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Ukrainian Military Targeted with Phishing Campaign Leveraging Drone Manuals as Lures

The military departments in Ukraine have recently come under the hit from a sophisticated phishing endeavor. This clandestine operation utilizes drone manuals as bait to transport a post-exploitation toolkit known as Merlin, written in the Go language - an open-source project. The reason being the massive dependency of the Ukrainian defense machinery on drones or Unmanned Aerial Vehicles (UAVs). As a result, files imitating the appearance of UAV service manuals but carrying embedded malware are making the rounds.

This revelation was brought to light by a group of researchers from Securonix, a cybersecurity firm. Said researchers, Den Iuzvyk, Tim Peck, and Oleg Kolesnikov, disclosed their findings in a report made available to The Hacker News. The operation spearheaded by these ill-intentioned actors goes by the code name STARK#VORTEX, as tracked by Securonix.

The cycle of attack-infection-control under this operation starts with a Microsoft Compiled HTML Help (CHM) file. If accessed, it triggers the execution of a malicious JavaScript nestled inside one of the HTML pages. This action subsequently results in the running of PowerShell code, specifically designed to reach out to a remote server and retrieve an encoded binary.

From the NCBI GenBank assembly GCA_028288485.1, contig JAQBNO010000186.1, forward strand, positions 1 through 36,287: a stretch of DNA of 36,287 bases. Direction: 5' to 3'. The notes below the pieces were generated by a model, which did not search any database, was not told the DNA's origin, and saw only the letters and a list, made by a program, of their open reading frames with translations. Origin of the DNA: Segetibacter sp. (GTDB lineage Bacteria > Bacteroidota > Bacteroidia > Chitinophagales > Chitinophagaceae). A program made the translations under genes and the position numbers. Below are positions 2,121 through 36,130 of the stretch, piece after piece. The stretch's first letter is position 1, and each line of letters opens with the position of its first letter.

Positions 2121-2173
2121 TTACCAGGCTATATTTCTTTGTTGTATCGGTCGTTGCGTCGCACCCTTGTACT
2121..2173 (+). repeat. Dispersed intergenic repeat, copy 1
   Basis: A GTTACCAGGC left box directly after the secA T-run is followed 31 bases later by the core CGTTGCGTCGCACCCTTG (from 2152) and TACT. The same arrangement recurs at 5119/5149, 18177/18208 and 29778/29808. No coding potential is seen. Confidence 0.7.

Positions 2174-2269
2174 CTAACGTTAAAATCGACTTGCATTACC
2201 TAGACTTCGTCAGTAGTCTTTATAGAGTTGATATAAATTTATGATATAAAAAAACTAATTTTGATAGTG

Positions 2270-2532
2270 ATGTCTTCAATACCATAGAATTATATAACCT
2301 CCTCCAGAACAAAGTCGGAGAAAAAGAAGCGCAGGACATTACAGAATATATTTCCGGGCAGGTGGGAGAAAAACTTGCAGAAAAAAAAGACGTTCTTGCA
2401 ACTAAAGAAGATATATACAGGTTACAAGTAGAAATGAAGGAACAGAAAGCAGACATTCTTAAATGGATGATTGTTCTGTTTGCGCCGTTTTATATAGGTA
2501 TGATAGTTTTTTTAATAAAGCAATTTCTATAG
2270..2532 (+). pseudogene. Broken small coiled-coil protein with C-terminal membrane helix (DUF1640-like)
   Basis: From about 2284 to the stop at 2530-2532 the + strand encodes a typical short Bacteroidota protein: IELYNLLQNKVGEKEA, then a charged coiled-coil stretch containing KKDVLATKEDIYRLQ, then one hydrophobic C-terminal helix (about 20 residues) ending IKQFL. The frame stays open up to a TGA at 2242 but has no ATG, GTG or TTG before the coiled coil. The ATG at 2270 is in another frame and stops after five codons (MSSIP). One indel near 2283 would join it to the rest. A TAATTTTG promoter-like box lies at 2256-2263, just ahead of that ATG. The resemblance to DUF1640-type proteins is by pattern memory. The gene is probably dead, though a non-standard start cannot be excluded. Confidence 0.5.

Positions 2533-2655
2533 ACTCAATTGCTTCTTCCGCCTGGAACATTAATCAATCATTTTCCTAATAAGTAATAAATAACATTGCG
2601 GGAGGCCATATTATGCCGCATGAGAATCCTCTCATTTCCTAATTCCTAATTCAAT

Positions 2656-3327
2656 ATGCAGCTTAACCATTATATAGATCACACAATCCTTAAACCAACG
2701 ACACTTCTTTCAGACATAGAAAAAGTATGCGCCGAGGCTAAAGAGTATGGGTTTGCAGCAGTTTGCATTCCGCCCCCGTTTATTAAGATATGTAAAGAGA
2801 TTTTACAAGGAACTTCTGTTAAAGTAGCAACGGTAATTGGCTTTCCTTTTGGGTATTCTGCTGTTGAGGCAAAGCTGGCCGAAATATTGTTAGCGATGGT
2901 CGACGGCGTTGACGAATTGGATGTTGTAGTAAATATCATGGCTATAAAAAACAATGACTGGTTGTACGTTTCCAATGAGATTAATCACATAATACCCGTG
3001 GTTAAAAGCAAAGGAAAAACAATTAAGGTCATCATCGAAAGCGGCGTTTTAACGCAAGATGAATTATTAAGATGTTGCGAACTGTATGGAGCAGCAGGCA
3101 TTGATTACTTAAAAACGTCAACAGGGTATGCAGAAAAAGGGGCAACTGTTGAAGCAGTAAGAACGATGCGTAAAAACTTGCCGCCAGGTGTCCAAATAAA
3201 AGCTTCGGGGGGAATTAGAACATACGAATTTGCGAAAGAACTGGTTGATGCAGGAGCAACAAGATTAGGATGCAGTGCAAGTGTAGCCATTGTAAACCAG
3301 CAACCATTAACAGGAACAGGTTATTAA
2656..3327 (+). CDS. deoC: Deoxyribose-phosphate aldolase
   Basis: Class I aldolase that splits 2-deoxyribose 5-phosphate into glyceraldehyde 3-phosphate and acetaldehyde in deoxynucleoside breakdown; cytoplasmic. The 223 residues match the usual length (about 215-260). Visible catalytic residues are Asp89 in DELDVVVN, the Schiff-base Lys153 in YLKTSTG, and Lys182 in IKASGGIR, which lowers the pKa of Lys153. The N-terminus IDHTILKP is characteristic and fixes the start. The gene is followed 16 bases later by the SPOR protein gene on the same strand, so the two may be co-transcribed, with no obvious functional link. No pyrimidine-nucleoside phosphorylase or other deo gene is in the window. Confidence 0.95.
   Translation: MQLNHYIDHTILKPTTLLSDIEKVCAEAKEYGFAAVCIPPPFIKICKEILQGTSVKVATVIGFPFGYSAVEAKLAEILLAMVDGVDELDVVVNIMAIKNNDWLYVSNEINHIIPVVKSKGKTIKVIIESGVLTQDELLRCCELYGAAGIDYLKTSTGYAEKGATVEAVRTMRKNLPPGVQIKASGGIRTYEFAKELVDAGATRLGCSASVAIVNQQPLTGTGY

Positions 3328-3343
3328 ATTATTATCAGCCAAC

This binary, a payload based on Windows, is then decoded to extract the Merlin Agent. This agent, upon proper configuration, paves the way for communication with a command-and-control (C2) server. This is executed in the post-exploitation phase, garnering full control over the host.

While the attack cycle can be characterized as rather simplistic, the attackers have resorted to intricate Tactics, Techniques, and Procedures (TTPs), and obfuscation tactics to dodge detection. According to these Securonix researchers, it is the first time that Merlin has been deployed against Ukrainian government sectors. In an earlier revelation in August 2023, the Computer Emergency Response Team of Ukraine (CERT-UA) reported a similar attack strategy involving CHM files serving as camouflage to infect computers with the open-source toolkit. CERT-UA associated these breaches with a threat actor it tracks under the identifier UAC-0154.

Highlighting the potency of the file and documents involved, the researchers pinpointed that they possess high capabilities of routing around defenses. They said, "Typically receiving a Microsoft help file over the internet would be considered unusual. However, the attackers framed the lure documents to appear as something an unsuspecting victim might expect to appear in a help-themed document or file."

This threat disclosure came on the heels of an announcement from CERT-UA about an unsuccessful cyber-attack attempt geared towards a critical energy infrastructure facility in Ukraine. This strike was potentially orchestrated by the Russian state-sponsored crew known as APT28.

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